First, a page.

How does the fact that we live in information societies reflect on the nature of penal discourse and practice? Applying media and communication studies to sentencing and penal culture, Kate Franko Aas offers a lucid and innovative account of how punishment is adjusting to a new cultural climate marked by growing demands for information processing, transparency and accountability.

This significant book explores a number of recent penal developments, such as risk assessment instruments, sentencing guidelines and computerized sentencing information systems, and argues that they are instruments of justice with so-called Macintosh traits, offering pre-programmed answers and solutions.

Franko Aas touches upon issues of decision-making at-a-distance, the exercise of discretion, databases, disembodiment and the changing nature of subjectivity. She explores information technology as a cultural environment with profound implications for the nature of penal knowledge, governance and identity constitution.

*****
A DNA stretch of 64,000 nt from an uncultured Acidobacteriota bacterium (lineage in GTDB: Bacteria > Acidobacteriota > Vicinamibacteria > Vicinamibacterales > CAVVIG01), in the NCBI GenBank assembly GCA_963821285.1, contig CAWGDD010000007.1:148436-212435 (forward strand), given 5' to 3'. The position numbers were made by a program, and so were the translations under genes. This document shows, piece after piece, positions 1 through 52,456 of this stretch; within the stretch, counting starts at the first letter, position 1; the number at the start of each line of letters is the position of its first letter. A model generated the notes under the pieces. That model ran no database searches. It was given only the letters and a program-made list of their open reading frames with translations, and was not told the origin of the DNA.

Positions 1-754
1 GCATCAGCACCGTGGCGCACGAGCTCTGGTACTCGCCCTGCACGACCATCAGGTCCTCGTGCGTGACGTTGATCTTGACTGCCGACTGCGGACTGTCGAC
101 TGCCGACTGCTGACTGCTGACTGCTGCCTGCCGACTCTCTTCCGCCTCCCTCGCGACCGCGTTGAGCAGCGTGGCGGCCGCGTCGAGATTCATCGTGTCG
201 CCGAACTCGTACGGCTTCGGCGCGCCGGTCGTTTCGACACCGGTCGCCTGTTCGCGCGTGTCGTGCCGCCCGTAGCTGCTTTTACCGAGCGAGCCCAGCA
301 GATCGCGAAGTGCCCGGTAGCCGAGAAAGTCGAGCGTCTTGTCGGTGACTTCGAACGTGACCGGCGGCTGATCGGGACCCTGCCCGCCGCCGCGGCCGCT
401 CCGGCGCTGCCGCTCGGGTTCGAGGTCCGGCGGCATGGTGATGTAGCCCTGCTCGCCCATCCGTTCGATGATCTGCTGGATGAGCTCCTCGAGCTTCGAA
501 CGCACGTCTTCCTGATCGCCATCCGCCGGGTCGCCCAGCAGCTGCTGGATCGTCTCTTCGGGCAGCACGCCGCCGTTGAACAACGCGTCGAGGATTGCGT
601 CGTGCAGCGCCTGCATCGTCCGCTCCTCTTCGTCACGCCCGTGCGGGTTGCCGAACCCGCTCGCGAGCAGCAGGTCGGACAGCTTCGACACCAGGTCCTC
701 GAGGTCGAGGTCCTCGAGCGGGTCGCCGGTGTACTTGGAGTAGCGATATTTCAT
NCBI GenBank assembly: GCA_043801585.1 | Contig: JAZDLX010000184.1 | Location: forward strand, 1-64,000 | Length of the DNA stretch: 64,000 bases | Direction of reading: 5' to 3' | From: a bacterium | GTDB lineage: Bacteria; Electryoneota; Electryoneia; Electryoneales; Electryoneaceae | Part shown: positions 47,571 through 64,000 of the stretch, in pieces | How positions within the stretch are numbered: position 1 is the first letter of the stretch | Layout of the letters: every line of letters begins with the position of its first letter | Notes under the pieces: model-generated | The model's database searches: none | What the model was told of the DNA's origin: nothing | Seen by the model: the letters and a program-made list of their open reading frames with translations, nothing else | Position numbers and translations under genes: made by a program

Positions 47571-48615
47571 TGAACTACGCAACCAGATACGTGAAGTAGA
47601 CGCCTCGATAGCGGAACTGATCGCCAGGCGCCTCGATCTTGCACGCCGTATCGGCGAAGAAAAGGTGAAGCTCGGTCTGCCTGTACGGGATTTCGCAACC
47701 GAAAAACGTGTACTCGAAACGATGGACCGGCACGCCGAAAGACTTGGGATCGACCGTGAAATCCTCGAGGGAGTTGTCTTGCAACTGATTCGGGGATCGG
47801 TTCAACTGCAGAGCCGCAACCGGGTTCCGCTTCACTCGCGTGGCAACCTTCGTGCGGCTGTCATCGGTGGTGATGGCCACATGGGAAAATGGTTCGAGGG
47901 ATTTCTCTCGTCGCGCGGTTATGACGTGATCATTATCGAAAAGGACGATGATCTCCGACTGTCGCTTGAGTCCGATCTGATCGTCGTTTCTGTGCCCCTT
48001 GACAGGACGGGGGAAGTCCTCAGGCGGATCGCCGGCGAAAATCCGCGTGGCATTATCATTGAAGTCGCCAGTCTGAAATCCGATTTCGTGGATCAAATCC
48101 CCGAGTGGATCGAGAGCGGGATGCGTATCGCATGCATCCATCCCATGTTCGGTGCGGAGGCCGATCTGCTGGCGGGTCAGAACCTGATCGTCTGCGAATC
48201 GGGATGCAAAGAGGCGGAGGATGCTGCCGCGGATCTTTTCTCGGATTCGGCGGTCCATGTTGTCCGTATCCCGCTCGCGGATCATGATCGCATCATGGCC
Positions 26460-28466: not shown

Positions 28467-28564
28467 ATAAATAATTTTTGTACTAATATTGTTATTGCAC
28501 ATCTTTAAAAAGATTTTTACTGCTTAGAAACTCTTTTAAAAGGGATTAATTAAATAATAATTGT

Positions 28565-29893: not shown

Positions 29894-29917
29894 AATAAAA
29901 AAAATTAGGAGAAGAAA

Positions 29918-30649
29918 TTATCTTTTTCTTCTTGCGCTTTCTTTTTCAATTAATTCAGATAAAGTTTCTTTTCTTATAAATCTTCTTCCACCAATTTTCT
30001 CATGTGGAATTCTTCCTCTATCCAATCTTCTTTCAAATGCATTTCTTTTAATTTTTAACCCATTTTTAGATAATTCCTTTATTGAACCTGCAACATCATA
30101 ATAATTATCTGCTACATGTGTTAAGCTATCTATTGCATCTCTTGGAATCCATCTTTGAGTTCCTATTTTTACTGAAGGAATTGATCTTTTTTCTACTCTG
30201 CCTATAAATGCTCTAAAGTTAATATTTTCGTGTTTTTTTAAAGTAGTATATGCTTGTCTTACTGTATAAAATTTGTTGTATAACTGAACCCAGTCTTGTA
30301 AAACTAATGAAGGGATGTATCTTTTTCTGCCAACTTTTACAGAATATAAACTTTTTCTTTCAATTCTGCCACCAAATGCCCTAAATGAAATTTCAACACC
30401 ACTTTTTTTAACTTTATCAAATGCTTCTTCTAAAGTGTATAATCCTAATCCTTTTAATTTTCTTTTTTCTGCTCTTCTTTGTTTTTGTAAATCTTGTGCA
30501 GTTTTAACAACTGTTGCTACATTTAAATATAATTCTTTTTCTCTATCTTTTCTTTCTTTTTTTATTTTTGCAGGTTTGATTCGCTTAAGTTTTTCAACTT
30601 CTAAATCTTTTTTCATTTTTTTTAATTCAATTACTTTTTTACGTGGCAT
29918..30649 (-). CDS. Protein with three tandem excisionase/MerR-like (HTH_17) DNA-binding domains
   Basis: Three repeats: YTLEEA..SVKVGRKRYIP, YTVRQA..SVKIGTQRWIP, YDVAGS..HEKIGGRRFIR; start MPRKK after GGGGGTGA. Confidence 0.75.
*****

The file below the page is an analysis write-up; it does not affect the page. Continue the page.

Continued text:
Sentencing in the Age of Information is essential reading for scholars and students interested in sentencing, penal culture, criminology, sociology of law and media and communication studies.

Joint winner of the 2006 Hart/Socio-Legal Studies Association Book Prize.

chapter |8 pages


chapter 1|28 pages


Making sentencing transparent

chapter 2|26 pages

How Information Lost its Body

Technologies and cultural change

chapter 3|44 pages

Computerised Justice as a Trend

Informating the system

chapter 4|22 pages

The End of ‘Delinquent With a Soul’

The new objectivity

chapter 5|22 pages


New technologies, new identities

chapter 6|8 pages

From Faust to Macintosh

The story of Faust